Jonathon VanDam keeps it simple when targeting summertime smallmouth. Photo courtesy Jonathon VanDam

For many anglers, smallmouth bass are a mystery. Unpredictable would be an understatement for the bronzeback, but some anglers just seem to understand them and their subtle quirks as they’re more fickle and move much more than a largemouth.

Michigan’s Jonathon VanDam has two major wins in his career and both came thanks to Great Lakes smallmouth (Lake Erie and Green Bay) during the summer months. He knows their nuances and keeps things surprisingly simple when targeting smallmouth during the warmer months.

Find Flats and Current

The two vital pieces of the puzzle for VanDam’s smallmouth approach are flats and current.

“The number one thing is finding some current because it positions the fish. Some smallmouth do roam around, but most of them would rather sit in one place and wait for a ball of baitfish to come to them,” VanDam said.

Finding current doesn’t necessarily mean finding a river, especially when it comes to the Great Lakes and that’s where flats come into play.

“The Great Lakes have a lot of natural currents that you can’t always see, but you just have to realize that it is there,” he said. “Flats adjacent to a sharp break into deeper water will give the bass a place to move up and down to feed and the break to the flat makes a wall for them to ambush forage. The current will also be stronger in these areas as it changes from deeper to shallower water.”

While most of what VanDam refers to above is related to fishing for smallmouth bass in his home region, some of the same principles will apply anywhere they swim.

“In Southern lakes, you’ll catch an occasional one out deep ledge fishing for largemouth. But, often bluff walls, are the key,” he said. “They are still relating to current and those bluff walls do the same thing with current (as flats on the Great Lakes) and help position the fish better.”

Lure Selection

There are no big secrets when it comes to VanDam’s top summer smallmouth baits: a drop-shot, tube, and small swimbait. According to him, knowing when to use each and being in the right area are the key to success.

“A drop-shot is number one, it’s a given and everybody knows it works for summer smallmouth. What I like to do is have a few different styles of baits ready,” he shared. “I fish smaller baits like the Strike King Dream Shot and Half Shell and have another one rigged up with a bigger profile plastic like the Z Too (a soft plastic jerkbait).”

VanDam fishes them on a 7’2″ medium-light Favorite Fishing Jack Hammer spinning rod and will typically use a 3/8 or 1/2-ounce drop-shot weight when fishing the Great Lakes.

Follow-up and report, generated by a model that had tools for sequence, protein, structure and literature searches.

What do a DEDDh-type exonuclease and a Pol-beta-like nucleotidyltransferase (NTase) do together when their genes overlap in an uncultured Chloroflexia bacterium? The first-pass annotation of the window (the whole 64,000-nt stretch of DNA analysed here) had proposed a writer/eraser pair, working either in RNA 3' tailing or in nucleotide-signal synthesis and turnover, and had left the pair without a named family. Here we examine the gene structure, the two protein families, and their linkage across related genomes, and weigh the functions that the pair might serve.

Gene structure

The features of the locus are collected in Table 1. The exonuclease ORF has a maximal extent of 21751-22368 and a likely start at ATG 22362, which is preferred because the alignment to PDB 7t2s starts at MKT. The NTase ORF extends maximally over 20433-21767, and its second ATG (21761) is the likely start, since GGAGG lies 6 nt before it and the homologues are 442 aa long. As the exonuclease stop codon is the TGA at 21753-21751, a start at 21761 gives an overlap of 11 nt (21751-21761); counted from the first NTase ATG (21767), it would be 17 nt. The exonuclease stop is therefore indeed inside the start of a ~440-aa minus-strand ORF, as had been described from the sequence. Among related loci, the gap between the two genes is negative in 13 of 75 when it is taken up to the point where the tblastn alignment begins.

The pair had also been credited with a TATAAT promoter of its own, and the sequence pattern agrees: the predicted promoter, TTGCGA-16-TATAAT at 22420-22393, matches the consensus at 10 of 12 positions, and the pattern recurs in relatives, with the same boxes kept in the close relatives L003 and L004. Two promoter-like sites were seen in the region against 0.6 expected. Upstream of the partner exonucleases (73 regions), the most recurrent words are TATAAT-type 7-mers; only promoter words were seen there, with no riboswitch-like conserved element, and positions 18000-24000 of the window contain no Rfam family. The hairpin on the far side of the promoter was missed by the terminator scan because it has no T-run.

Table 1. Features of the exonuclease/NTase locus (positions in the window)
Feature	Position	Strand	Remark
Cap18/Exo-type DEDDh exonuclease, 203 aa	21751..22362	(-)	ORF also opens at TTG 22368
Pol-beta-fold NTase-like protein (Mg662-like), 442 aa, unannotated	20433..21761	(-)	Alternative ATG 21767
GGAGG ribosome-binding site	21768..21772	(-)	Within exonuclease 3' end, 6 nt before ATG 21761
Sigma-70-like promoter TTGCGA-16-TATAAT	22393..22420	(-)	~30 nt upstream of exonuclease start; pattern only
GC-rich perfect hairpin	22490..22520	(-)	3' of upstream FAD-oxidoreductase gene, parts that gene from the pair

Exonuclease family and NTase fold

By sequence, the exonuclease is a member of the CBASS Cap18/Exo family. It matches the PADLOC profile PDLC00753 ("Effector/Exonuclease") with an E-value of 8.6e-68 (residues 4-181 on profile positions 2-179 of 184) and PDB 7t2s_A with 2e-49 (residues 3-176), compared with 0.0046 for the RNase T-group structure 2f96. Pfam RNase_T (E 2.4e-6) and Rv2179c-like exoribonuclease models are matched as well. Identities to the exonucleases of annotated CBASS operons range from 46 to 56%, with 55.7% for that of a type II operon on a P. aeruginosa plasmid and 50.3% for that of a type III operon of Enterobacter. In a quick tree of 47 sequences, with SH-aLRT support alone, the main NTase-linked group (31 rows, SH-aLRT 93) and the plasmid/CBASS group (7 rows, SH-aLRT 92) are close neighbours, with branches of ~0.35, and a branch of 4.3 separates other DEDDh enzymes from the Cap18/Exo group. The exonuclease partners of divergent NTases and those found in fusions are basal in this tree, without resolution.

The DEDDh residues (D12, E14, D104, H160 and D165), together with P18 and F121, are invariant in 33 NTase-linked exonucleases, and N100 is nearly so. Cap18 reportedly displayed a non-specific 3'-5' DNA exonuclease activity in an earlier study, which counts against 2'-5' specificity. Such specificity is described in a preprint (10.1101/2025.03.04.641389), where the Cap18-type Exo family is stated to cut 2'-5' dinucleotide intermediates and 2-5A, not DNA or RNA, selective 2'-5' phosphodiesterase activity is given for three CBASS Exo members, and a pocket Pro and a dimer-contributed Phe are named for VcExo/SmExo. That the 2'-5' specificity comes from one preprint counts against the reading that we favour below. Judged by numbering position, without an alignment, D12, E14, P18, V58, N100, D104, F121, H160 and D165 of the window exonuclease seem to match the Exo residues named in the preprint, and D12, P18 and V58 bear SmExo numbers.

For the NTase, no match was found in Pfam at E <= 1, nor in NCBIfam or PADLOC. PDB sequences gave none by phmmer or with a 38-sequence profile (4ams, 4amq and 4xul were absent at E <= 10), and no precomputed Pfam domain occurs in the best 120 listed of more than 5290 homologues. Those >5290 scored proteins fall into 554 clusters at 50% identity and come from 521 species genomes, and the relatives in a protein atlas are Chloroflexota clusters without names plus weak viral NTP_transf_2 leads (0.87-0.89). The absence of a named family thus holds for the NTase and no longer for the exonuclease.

“I do a lot of short pitches out in front of me with the drop-shot and I’ll let it fall to the bottom, shake it a few times, and then do it again. I don’t make many long casts with it,” he added. “You also always need to be watching your electronics in case you need to drop it on one you see on the graph.”

For the tube and swimbait, he decides between these two based on the weather and what he sees on his electronics.

“I use the tube more to search for fish and use long casts with a 3/8 or 1/2-ounce jighead and fish it fast with bigger hops. If it’s slick calm, you’ll have to drag it much more to get bites,” he said.

VanDam’s favorite swimbait is a 3.25″ Strike King Rage Swimmer and he’ll fish them in lowlight conditions and times when fish have moved onto shallow flats. He also gauges when to use it based on what his electronics tell him.

“If you don’t see fish on the graph in deeper water, they probably moved up on a shoal or into shallower water. Smallmouth have a reputation for moving a lot, but my experience is they don’t move too far away,” he said. “If you have been catching them good in deeper water and can’t get a bite, they might have just pushed a little shallower.”

For both the tube and small swimbait, he fishes them on a Favorite Fishing 7’4″ medium-heavy Jack Hammer spinning rod.

Sunshine and Color Thoughts

Great Lakes smallmouth tend to bite best when the sun is out, according to VanDam.

“They’re sight feeders and are a sun-oriented fish. They can also be notoriously picky when it comes to baits and colors,” he said. “Generally, I like natural colors to match baitfish and gobies, but sometimes you have to adjust brighter colors.”